In the film Dead Poets Society, starring the late Robin Williams as Professor John Keating, one of the students asked his teacher, “You can go anywhere. You can do anything. How can you stand being here?”

Keating replied, “’Cause I love teaching. I don’t wanna be anywhere else.”

Passion often disregards distance. This is not new to English teachers who are traveling the world to practice their craft and fulfill their desire to experience new cultures and make new discoveries both in their professional and personal lives. But this kind of decision is a not a walk in the park. One has to go through rigid preparation to pull this kind of journey off. Here are three tips for those who are interested in teaching abroad:

1. Plan, plan, plan.

Here are guide questions you can use:

a. Where are you going to teach? Check the website, reviews, and other types of feedback about the school.
b. What are the requirements and qualifications? What are the details of the job? Are there exams you need to take?
c. What are the working and living conditions in that country? Can your future salary sustain your lifestyle and teaching needs? Are you going to live in a safe and peaceful community? What maps do you have? Have you read the country’s laws, especially in the fields of employment, housing, and transportation?
d. What are your Plan B, short-term plans, and long-term plans? Success happens to hard-working teachers but not everything is in your control and anything can happen, like retrenchment and disaster. Make sure you have a backup system and solid connections.

2. Be competitive.

There is a high demand for English teachers worldwide, and you are just one of the many applicants that employers would choose from. How will you stand out?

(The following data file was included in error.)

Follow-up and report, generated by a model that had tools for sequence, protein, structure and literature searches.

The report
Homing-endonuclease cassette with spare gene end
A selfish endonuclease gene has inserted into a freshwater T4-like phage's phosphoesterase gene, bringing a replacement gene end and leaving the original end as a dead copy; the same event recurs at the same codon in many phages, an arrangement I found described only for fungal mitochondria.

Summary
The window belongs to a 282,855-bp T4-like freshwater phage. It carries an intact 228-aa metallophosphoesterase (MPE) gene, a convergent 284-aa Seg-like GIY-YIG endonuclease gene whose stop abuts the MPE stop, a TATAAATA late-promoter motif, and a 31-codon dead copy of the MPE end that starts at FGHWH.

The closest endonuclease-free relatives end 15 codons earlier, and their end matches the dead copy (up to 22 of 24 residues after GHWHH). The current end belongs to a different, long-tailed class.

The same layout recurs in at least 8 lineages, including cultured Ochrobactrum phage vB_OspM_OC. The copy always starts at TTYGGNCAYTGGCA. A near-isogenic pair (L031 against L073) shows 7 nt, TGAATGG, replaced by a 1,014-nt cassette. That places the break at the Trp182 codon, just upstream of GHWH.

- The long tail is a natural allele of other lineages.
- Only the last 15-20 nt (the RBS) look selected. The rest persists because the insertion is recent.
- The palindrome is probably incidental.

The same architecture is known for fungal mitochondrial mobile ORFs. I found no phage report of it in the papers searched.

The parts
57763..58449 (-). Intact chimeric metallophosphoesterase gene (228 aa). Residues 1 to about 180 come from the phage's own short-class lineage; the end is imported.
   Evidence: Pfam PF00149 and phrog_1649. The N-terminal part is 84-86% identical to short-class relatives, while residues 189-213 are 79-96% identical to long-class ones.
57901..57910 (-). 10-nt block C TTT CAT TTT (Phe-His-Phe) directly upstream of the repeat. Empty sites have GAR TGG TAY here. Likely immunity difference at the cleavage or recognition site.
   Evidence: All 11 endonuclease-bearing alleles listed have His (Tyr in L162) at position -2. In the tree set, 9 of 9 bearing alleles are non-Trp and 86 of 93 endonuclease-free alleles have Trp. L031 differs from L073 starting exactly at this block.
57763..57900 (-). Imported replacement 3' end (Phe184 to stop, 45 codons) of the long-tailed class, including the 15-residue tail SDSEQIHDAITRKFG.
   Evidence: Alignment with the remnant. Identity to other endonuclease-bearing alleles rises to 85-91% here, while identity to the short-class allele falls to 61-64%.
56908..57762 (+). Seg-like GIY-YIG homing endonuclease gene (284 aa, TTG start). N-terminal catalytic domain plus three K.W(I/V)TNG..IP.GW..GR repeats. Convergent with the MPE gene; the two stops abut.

a. Complete all the requirements, and if your time and resources can still accommodate one or two additional qualifications, that can make your CV extra special.
b. Be competent. Spend more energy on the areas where you still need improvement. Review everything, from the beginner’s materials to the most difficult subjects.
c. Be flexible. Aside from English, you might want to study the basics of other common languages, such as Spanish, French or the one used in the community where you plan to teach. Use a pocket dictionary, check language learning tools online, engage in conversations, observe gestures, or ask a good neighbor’s assistance. Gaining more skills will open more doors of opportunities for you.

3. Have a real love for language.

Teaching English abroad is not easy. It requires patience, practice, and passion. If that is really your calling, there’s a special kind of motivation that would help you overcome the complications of pursuing a career abroad. Learning another language would make you sweat a bit, but it would give you a sense of fulfillment that is lasting and worth passing to another generation.

Most of all, you would wake up not troubled about your distance from home. You’d just be thrilled to teach a new word or phrase to young language learners who need both your knowledge and contagious passion. So where else would you rather be?

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